Chapter one concluded with Ruth and Naomi moving to Bethlehem. Ruth shows wonderful loyalty to both Naomi and her God. Naomi is feeling down, possibly bitter, but seems to have at least a bit of hope. She is returning to Bethlehem because “the Lord had come to the aid of his people by providing food for them.” (NIV)

What do we see in chapter 2?

  • That Naomi has a rich, well respected relative in town
  • That Ruth just “happens” to end up gleaning in his field
  • That Boaz has heard of Ruth and her kindness to Naomi
  • That Boaz takes a protective role over Ruth
  • That Ruth is surprised by his kindness
  • That Boaz’s kindness is obvious to Naomi even before she finds out where Ruth was
  • That Boaz is a kinsman-redeemer.


  • Ruth asks Naomi for permission to glean. Why might this be?
  • In what ways is Boaz kind to Ruth? How many can we list?
  • How does Boaz value Ruth? How does she value herself?
  • How does Ruth “happen” to end up in Boaz’s field? What do we know? What can we guess?
  • Have Naomi’s thoughts and feelings toward God changed? If so, how?


I’m not a translator or a Bible expert, so I really can’t give advice about which translations are best.

I do know that I get a lot out of reading different translations. Sometimes I see something reading one translation that I never saw before reading other translations, and yet when I go back and look, it was there all along!

Not all translations are created equal though. Some are more literal than others. Some are easier to understand than others. Some try to translate as closely to word for word as possible and retain the meaning, others take a thought for thought approach, some seem to paraphrase.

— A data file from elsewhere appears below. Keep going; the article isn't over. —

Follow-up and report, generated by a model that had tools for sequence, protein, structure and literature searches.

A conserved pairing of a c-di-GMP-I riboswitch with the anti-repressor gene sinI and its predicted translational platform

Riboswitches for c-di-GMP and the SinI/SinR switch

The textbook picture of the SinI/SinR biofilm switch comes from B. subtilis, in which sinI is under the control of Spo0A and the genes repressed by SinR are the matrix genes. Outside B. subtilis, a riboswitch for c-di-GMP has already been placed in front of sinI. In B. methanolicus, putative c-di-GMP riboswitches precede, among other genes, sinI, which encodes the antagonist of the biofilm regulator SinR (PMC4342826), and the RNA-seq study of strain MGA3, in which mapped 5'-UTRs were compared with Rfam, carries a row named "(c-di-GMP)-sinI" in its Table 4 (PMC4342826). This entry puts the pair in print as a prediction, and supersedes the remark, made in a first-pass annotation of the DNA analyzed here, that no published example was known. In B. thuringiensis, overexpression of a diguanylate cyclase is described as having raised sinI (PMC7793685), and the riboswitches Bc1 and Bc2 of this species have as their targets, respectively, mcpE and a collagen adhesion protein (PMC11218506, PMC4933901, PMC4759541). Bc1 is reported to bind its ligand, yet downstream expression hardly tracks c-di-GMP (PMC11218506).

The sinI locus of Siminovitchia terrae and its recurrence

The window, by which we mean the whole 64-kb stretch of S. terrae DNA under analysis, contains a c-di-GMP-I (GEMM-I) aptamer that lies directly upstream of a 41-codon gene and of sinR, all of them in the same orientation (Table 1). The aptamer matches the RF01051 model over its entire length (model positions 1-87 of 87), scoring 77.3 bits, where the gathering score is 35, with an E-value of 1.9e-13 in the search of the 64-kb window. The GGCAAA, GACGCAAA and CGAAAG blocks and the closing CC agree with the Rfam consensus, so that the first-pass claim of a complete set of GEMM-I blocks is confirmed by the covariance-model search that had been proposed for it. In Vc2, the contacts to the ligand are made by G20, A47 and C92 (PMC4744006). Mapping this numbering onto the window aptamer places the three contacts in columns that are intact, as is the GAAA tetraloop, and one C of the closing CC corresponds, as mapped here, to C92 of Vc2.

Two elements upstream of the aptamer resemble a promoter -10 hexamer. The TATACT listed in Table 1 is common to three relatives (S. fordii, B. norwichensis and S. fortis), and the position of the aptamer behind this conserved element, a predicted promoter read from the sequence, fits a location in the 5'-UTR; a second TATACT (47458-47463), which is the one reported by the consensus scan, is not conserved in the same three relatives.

Zondervan has a good section with a lot of information about various translations. Since they publish the NIV and TNIV Bibles it’s not surprising that in their opinion these 2 Bibles strike the best balance the two poles of word for word and thought for thought translation. Still, I like their chart. I find it helpful.

They used to have more information about various versions, but they seem to have removed some of it. I’ll see what else I can find.

More Food for Thought

Looking for studies of Ruth on the Internet I have found:

Ruth 1

Observations… and Questions

  • Naomi went to Moab with her husband Elimelech and their two sons, Mahlon and Kilion because of a lack of good food.  
  • Naomi means pleasant.
  • Mahlon probably means “weakling.” I’ve heard it said that Kilion means sickly or something similar. Some people take these names as evidence that the story is just a work of fiction, but given the fact that this story is tied so closely with the the genealogy of David, I think that’s unlikely. More likely these are nicknames. We do know that Naomi asks people to call her Mara when she returns to Bethlehem. (Although no one seems to do so.) If the boys were in poor health, perhaps that helps to explain why the parents moved to where there was more food.
  • Elimelech means “God is King.” Naomi’s husband had a good name.